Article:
in publicly funded provision
in enterprise and small business
within Northern Ireland
This summary outlines the findings and conclusions from a study into how public expenditure in enterprise and small business development is accessed and used by the two principal communities and others within Northern Ireland. The origins of the study lay in the mutual interest of LEDU in reviewing its operations particularly from the perspective of progressing its 'Targeting Social Needs' objective and of the Central Community Relations Unit (CCRU), concerned with reviewing uptake of public resources by the differing communities in Northern Ireland.
The study was designed and carried out by an independent consultancy organisation, the Institute for Enterprise Strategies (IES). The aim of the study may be simply put as to establish the proportions of LEDU funding, direct and through the LEA network, going to the Protestant, Catholic and other communities.
No information was readily available on any individual's religion. In all cases therefore it was necessary for others; the consultants and LEA personnel, to perceive the likely community background of an individual from that information which was available. This introduces a degree of inaccuracy and uncertainty into the findings. The work then fell into two parts; that dealing with LEDU and the LEAs.
The LEDU analysis was based on a detailed examination of a sample of 545 cases, 412 approved and 133 rejected or otherwise not proceeded with. The cases were selected from all cases from 1990 to end March 1993. The principal criteria used for ascribing a perceived religion was school attended - using the DED Classification of Schools for Monitoring Purposes - though others were used as available, such as referee statements and so forth. (Names, either forename or surname, were not used). Findings at the regional level, particularly for a minority within a region, should be interpreted with caution as the regional samples are obviously only a fraction of the size of the overall sample.
Analysing the LEAs required their co-operation as generally there is little information recorded on their clients other than name and address. The manager in each case was then asked, with the help of their development officer as appropriate, to provide summary figures and totals. In no case was information asked for or given that would associate a particular individual with a perceived religion. Similarly in the LEDU analysis no indication of religion was in any way linked to an individual's file.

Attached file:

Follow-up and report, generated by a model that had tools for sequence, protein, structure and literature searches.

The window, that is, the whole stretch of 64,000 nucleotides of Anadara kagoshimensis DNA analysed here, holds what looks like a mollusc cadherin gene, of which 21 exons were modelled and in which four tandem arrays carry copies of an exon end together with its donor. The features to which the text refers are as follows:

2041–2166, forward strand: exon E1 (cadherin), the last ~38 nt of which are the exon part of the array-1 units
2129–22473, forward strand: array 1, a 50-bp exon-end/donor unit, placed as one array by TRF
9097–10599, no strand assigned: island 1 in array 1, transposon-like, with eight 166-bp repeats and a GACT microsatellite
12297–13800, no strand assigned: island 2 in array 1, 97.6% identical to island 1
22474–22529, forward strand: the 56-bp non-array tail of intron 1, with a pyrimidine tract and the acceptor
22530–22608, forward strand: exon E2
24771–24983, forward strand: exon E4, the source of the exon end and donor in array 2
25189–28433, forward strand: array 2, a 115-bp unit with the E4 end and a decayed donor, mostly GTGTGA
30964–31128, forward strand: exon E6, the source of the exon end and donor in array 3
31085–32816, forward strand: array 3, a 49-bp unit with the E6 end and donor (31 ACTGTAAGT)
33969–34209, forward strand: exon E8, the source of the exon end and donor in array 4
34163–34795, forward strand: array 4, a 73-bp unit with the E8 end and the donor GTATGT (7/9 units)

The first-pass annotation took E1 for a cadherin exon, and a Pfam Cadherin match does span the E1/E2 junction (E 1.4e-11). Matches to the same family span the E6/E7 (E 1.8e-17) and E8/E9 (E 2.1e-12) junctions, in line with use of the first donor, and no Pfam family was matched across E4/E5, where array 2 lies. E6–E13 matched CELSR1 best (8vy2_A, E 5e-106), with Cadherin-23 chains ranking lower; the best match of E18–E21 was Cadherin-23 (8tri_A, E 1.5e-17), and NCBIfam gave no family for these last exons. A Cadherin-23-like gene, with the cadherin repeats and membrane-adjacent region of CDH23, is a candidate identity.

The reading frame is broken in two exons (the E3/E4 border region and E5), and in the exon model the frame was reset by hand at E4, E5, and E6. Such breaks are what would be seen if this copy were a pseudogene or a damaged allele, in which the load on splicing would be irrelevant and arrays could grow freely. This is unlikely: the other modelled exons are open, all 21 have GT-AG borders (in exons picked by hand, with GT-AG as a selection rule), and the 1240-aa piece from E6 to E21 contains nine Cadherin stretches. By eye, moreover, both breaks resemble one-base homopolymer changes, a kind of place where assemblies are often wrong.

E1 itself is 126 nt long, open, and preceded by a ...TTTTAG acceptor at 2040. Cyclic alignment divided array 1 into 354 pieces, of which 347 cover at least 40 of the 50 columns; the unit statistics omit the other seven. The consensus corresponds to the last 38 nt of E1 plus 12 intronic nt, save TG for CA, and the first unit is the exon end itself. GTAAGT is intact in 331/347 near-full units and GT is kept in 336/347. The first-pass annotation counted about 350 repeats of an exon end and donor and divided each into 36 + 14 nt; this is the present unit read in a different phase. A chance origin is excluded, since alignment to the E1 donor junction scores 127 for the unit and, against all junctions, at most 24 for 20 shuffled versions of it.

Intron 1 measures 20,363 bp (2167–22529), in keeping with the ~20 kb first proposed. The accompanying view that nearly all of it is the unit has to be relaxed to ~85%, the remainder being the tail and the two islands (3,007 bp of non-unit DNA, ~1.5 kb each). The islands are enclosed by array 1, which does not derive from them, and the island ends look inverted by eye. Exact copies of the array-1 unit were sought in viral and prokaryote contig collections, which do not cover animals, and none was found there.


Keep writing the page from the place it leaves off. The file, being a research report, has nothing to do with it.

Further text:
Information was sought on the major services of the LEAs; the tenants, the training funded by LEDU (Enterprise Training and Target Programmes), and the seed fund (if any) funded by the IFI and others. Information was sought on all the current tenants, otherwise the information sought related to 1992.
Two LEAS declined to participate in the study, a third answered
'not known' to all questions relating to perceived religion. Most
LEAs expressed reservations as to the value of the study, their
ability to help, or claimed that they were too busy, required
payment or some combination of the above. A small number however
displayed enthusiasm for the concept of being adjudged fair.
Three tables are presented below. Each records the proportions
of those perceived as Catholic, Protestant, and so forth, for
the sample, by Regional Office. The first table below details
the split by perceived religion for all the 412 Approved cases.
The defining characteristic of an LEA is its location. With the possible exception of ARC, which does not offer workspace, LEAs are found to be very reflective of the immediate locality and this applies across all the LEA's services. Indeed regardless of the fairness of the management and the steps taken to attract cross-community interest it remains the case that many areas in Northern Ireland are highly polarised and even that minority which is present in the immediate area may be instinctively inclined to travel to adjacent areas where they feel more comfortable. Clearly perception is more important than reality, though 'reality' then quickly reflects perception.
The LEA analysis must then take place at a higher level of aggregation
than the individual agencies. The following table, which notes
the absence of the nonparticipating agencies, presents the findings
by LEDU Region and all Northern Ireland.
Overall the figures suggest that application to, and benefit from,
LEDU is in line with what we might expect from Census figures
- see following table - relating to the economically active population.
LEDU's operations should therefore be seen as fair.